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How the Mind Works
Steven Pinker
read on June 1, 2013

This book is loooooong, and dense, and relatively often strays off topic; I feel like it would benefit from a more aggressive editor. That said, it's quite comprehensive. I wouldn't recommend it to someone as a first read on the topic though, because they'd never be motivated enough to make it through to the end. The first three quarters of the book are largely pretty slow, with a couple bright spots mixed in. The end is pretty great though.

  • Pinker has a really great explanation of how we see, and specifically he describes very well how our brain sort of tricks us into seeing. I'd read before that we don't exactly "see" anything, in the literal sense. We have this general feeling that we observe the universe in it's true state - that what we see is what exists - but that's a fantasy, it's totally wrong. Pinker explains this in a much more accessible way than I've seen before, and it's quite interesting. He describes the different heuristics the brain uses to sense shapes, edges, people, motion, etc, and that how our visual interpretation of the world is much closer to a complete hallucination than it is to observing the actual state of things.
  • Theres an interesting discussion about grief being the opposite of love. He describes grief as a 'doomsday machine' - a horrible circumstance to be in that doesn't actually do you any good while you're experiencing it, but whose very existence allows for love and commitment to exist.It was an interesting perspective. Much later in the book he also describes friendship as a kind of positive feedback loop as well, where each friend owes the other a favor, and because of that favor each friend is incentivized to keep that person around, which means they help each other out, which means they do each other more favors, etc. etc.
  • The last quarter or so of the book focuses a lot on neurological and evolutionary differences between men and women, and how so much depends on the adaptation that females generate eggs, and carry a child. For instance, it discusses differences in infidelity reactions (jealousy) - all stemming from the fact that a women knows that a baby is hers, but men can never be certain. So in that case infidelity is a much greater threat to a man, since he may spend significant resources raising genes that aren't his. Or another one is how men react much differently to seeing naked women - evolutionarily, that presents an opportunity. Whereas a women seeing a naked man, evolutionarily, represents an enormous threat. Unfortunately, the discussion doesn't branch out very much beyond the obvious sexual ones. It would have been much more interesting to discuss other consequences of those differences (e.g., women being generally more risk averse than men, having higher personal discount rates, etc.)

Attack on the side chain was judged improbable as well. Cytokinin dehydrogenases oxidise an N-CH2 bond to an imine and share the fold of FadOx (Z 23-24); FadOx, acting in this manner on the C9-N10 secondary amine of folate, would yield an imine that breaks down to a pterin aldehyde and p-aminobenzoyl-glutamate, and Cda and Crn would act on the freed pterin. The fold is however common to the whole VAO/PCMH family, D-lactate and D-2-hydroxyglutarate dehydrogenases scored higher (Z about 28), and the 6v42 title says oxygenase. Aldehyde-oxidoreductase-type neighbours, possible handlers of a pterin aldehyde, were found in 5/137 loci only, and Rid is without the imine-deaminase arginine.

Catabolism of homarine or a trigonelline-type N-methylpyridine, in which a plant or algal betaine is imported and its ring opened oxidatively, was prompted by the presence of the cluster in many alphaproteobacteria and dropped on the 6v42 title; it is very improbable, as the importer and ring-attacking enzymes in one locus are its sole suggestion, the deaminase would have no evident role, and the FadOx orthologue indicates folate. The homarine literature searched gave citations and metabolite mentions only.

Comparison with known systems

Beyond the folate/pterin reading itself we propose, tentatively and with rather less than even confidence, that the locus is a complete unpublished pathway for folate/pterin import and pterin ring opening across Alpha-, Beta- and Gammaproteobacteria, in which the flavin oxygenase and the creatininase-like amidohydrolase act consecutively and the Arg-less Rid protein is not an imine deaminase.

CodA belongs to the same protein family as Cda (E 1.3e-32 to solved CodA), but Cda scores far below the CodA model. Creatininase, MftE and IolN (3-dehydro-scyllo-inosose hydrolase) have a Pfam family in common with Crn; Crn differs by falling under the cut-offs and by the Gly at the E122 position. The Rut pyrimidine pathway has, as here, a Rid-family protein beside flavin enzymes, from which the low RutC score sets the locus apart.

Author Bio:

Steven Arthur "Steve" Pinker (born September 18, 1954) is a Canadian-born American cognitive scientist, psychologist, linguist, and popular science author. He is Johnstone Family Professor in the Department of Psychology at Harvard University, and is known for his advocacy of evolutionary psychology and the computational theory of mind. Pinker's academic specializations are visual cognition and psycholinguistics. His experimental subjects include mental imagery, shape recognition, visual attention, children's language development, regular and irregular phenomena in language, the neural bases of words and grammar, and the psychology of cooperation and communication, including euphemism, innuendo, emotional expression, and common knowledge. He has written two technical books that proposed a general theory of language acquisition and applied it to children's learning of verbs. In particular, his work with Alan Prince published in 1989 critiqued the connectionist model of how children acquire the past tense of English verbs, arguing instead that children use default rules such as adding "-ed" to make regular forms, sometimes in error, but are obliged to learn irregular forms one by one. In his popular books, he has argued that the human faculty for language is an instinct, an innate behavior shaped by natural selection and adapted to our communication needs. He is the author of seven books for a general audience. Five of these, namely The Language Instinct (1994), How the Mind Works (1997), Words and Rules (2000), The Blank Slate (2002), and The Stuff of Thought (2007) describe aspects of the field of psycholinguistics and cognitive science, and include accounts of his own research. The sixth book, The Better Angels of Our Nature (2011), makes the case that violence in human societies has, in general, steadily declined with time, and identifies six major causes of this decline. His seventh book, The Sense of Style (2014), is intended as a general style guide that is informed by modern science and psychology, offering advice on how to produce more comprehensible and unambiguous writing in nonfiction contexts and explaining why so much of today's academic and popular writing is difficult for readers to understand. Pinker has been named as one of the world's most influential intellectuals by various magazines. He has won awards from the American Psychological Association, the National Academy of Sciences, the Royal Institution, the Cognitive Neuroscience Society and the American Humanist Association. He delivered the Gifford Lectures at the University of Edinburgh in 2013. He has served on the editorial boards of a variety of journals, and on the advisory boards of several institutions. He has frequently participated in public debates on science and society and is a regular contributor to the online science and culture digest 3 Quarks Daily.